- How much time are you given to complete the exam?
- Are you allowed to mark questions and return to them later?
- What types of questions are on the exam, and approximately how many of each type are there? Some examples include single-answer multiple-choice, multiple-answer multiple-choice, true/false, fill-in-the-blank, case study, drag-and-drop and simulation.
- How long are the questions? For instance, do questions generally consist of one sentence, several sentences or even several paragraphs?
- How many choices are available for each question?
- Are there any NOT questions? For example, does a question ask, “Which of the following are NOT correct?” If there are NOT questions, is “not” capitalized or otherwise emphasized?
- Are any graphics, screen captures or exhibits used in the questions or choices? How many questions contain them?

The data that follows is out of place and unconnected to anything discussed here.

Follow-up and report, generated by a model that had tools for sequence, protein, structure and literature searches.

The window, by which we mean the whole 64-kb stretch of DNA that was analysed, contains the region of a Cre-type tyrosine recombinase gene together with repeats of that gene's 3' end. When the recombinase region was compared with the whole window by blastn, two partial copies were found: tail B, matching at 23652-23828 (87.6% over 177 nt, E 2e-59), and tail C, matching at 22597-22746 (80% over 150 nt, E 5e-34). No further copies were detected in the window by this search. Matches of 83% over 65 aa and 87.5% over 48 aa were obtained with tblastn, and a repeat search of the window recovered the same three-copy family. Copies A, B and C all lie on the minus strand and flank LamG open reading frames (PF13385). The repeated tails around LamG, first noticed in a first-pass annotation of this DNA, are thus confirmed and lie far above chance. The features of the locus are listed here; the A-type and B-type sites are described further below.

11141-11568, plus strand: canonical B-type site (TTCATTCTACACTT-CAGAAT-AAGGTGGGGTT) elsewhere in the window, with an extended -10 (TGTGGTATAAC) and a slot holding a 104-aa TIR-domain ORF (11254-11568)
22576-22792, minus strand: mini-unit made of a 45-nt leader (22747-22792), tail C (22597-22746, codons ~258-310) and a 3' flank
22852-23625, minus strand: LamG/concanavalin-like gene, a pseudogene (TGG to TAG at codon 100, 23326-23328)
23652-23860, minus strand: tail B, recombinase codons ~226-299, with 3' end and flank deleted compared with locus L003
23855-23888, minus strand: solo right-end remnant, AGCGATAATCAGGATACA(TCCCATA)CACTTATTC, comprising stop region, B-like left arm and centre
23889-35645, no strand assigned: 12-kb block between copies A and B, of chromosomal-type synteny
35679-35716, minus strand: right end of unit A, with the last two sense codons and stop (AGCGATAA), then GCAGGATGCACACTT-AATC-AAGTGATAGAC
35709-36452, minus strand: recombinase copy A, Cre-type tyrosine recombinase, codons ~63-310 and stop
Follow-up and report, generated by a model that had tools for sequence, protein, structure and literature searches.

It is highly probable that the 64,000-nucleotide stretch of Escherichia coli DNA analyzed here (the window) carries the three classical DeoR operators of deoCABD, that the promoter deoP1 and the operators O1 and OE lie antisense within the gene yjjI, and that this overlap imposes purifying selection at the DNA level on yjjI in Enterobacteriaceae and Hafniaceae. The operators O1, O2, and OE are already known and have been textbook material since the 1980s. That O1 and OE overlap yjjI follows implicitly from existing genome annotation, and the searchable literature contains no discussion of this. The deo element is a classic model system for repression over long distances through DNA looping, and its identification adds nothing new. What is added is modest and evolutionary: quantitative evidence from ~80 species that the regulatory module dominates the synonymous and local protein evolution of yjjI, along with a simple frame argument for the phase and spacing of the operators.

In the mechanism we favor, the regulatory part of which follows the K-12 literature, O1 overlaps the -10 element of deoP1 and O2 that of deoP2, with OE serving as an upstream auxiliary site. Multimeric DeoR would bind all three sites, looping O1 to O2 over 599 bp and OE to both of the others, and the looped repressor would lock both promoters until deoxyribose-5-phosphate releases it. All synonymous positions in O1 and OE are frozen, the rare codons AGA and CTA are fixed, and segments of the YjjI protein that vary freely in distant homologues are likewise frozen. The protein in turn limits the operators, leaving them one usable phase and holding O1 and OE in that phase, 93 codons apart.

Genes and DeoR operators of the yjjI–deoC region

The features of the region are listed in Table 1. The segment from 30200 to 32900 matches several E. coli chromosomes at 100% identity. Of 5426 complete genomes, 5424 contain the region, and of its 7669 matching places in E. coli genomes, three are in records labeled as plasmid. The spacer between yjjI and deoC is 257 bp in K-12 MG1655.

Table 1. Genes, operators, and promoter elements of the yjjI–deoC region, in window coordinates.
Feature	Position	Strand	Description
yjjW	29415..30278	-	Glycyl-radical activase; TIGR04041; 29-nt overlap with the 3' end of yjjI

- Is there any special formatting in the questions? Examples of special formatting include the following:
- Are the questions easy or difficult?
- Do the questions test trivia or concepts?
- Are you told how many answers to select? If so, how are you told? Some possible examples include the following:
- Select two choices.
- Select all correct choices.
- Select the best answer.
- If you are instructed to choose a certain number of answers—three for instance—are you able to select more (four or more) or fewer (one or two) and still proceed to the next question?
The more information you can learn about the real exam, the better. You should write questions, choices and explanations that cover similar material to the questions on the exam. However, you should never copy actual questions from a real exam or from any other practice exams published by other sources. Please see our article titled How to Avoid Plagiarism in Your Practice Exam
for more information about how to write original practice exam content.
Recommended Work Habits
- Save often. You do not want to lose your hard work.
- Back up your files regularly.